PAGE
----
NOTE: The following article is from the collection of articles in our Automobile Dealership Buy/Sell Newsletters. The newsletter deals with the complex area of buying and selling automobile dealerships. Some of the material may not be up to date because of changes in the law from the date shown at the end of the article. This article is not to be taken as legal, accounting, tax, or other advice. You should consult your own professionals for such advice and for any updating of the information provided.
The big day has come. You’re selling your dealership in an asset sale. Everyone involved has gathered for the closing – attorneys, accountants, the dealer principals, flooring lenders and others involved in the process. A call has come in that the DMV is on its way to issue the new dealer’s license. Everything seems to be going smoothly. Then your business manager pulls you aside and asks you about a computer software maintenance agreement you signed some years ago. The new dealer has agreed to take over your computer lease, but nothing was said about the separate software maintenance agreement. You have your attorney look at the agreement and are told that the agreement runs for the next fifteen years with a hefty monthly fee, plus yearly increases every year. Not only that, but you have personally guaranteed the agreement by signing on a line for your individual signature. A phone call is made to the computer company and you are told that they will not let you off the hook. They want the entire fifteen years of payments. The new dealer does not want to take over a fifteen year contract. What do you do now?
Unfortunately, this closing day picture is not beyond belief. A computer vendor’s intractable position in one case almost blew the entire deal. If a buy-sell agreement is properly drafted and the parties are diligent in handling the dealership’s contracts and leases, many problems can be avoided, and there won’t be any surprises on the day of closing.
An automobile dealership is normally a party to many different types of contracts. Examples are equipment leases, equipment installment sale purchases, computer leases, software maintenance agreements, and many other agreements dealing with such things as uniform supplies and laundering, heating and air conditioning maintenance, communication systems, gardening, lighting maintenance, and other types of agreements for services or goods provided to the dealership.
Some of your contracts are probably signed by you, especially the larger ones. Others may have been signed by a manager with or without your approval. Many of these agreements will have the length of time of the agreement buried in the fine print. You didn’t know that it was a five year agreement. Many contracts also have buried in the fine print an automatic renewal clause i.e., if you don’t give notice before the end of the term, the agreement renews for another five years. How do you handle all of these contracts in the buy-sell agreement? As the parties become involved in negotiating the deal, the selling dealer should review all of the dealership’s existing agreements. This is not always as easy as you might think. It seems that many dealers have difficulty identifying and locating all of the dealership contracts and sometimes are not sure exactly what agreements they do have. Copies of the agreements which the selling dealer desires the buyer to assume should be given to the buyer so the parties can negotiate which contracts the buyer will assume.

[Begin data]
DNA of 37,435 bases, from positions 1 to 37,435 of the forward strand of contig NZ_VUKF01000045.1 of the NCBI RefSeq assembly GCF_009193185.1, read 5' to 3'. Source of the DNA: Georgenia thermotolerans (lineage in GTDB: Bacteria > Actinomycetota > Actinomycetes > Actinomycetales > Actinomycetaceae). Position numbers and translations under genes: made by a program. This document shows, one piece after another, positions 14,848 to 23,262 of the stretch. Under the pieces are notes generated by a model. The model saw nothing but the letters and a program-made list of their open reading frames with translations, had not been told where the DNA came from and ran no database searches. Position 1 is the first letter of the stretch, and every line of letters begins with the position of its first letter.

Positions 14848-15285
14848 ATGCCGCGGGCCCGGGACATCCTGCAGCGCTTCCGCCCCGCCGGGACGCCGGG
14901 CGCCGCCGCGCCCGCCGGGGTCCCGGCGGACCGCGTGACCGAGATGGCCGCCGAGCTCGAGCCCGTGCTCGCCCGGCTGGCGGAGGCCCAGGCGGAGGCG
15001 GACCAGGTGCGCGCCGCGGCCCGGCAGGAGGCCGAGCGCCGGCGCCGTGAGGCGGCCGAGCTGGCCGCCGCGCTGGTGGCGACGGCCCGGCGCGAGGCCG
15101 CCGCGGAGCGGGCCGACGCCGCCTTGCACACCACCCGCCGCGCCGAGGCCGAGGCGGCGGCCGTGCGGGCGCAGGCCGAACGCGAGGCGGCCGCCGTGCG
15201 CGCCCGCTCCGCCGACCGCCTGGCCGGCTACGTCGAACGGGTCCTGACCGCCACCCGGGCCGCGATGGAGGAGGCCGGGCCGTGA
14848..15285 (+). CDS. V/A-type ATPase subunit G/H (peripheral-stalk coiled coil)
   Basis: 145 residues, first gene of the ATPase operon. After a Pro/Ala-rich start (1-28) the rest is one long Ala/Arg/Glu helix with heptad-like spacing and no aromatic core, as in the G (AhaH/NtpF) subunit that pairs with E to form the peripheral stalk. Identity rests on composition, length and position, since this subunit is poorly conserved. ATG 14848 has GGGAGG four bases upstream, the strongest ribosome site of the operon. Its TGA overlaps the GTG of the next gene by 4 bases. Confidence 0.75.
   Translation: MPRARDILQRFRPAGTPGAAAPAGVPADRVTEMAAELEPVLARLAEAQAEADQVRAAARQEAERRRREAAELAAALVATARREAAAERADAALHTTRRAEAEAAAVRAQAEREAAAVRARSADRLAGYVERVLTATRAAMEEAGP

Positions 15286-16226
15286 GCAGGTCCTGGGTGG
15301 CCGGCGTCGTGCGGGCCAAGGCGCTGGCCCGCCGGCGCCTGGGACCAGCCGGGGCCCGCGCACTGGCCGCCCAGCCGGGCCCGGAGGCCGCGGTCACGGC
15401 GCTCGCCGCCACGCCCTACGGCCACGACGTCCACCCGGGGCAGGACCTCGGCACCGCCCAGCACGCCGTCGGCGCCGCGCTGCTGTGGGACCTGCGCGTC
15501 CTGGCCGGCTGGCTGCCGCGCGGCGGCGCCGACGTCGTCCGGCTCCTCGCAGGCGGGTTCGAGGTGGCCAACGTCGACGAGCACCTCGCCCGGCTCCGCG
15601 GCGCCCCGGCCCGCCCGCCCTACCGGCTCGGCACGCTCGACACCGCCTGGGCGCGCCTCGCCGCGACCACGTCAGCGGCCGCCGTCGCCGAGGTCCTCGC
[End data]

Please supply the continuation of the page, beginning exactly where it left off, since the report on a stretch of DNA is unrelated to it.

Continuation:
When the buy-sell agreement is prepared, it should contain a provision which references an exhibit to the agreement listing all the contracts the buyer will assume. The agreement should also state that the seller will assign the contracts to the buyer and that the buyer will assume all of the seller’s obligations under the contracts, and that further the vendor’s consent will be obtained prior to the closing of the deal. Another important issue to cover in the agreement, particularly from the buyer’s perspective, is to make sure any equipment under lease or contract is not paid for twice. In other words, if you are buying the fixed assets at a price determined by an appraisal or at a price upon which the buyer and seller have agreed, you should not pay for the full value of that asset if there is money owing on it either under a contract or a lease. How this issue is handled must be negotiated by the parties on a case by case basis. If there is only one payment left on a computer lease, the lease will be handled differently than if there are four years left on a five year lease.
Once the buy-sell agreement is signed, you should begin the process of obtaining the vendor’s consent to the change as soon as possible. The documents providing the assignment by seller, assumption by the buyer, and consent of the vendor should be prepared and signed by the seller and buyer immediately. It will state that it is effective on the closing date. Once signed, the document should be sent to the various vendors for their agreement and release of the seller. Sometimes the vendors require that their own form be used. Once all of the vendor consents are obtained, the documents are held by one of the parties and will be used at the closing.
When the dealer is a party to contracts which can be cancelled on short notice, there is usually no need to assign the contract and the selling dealer can simply cancel the contract by giving the appropriate notice before the closing.
Vendors are usually willing to work with the parties in a buy-sell, even when the seller has a long term contract. But discussions should begin early to ensure that there are no last minute problems when the big day comes.
This article was written in 1996.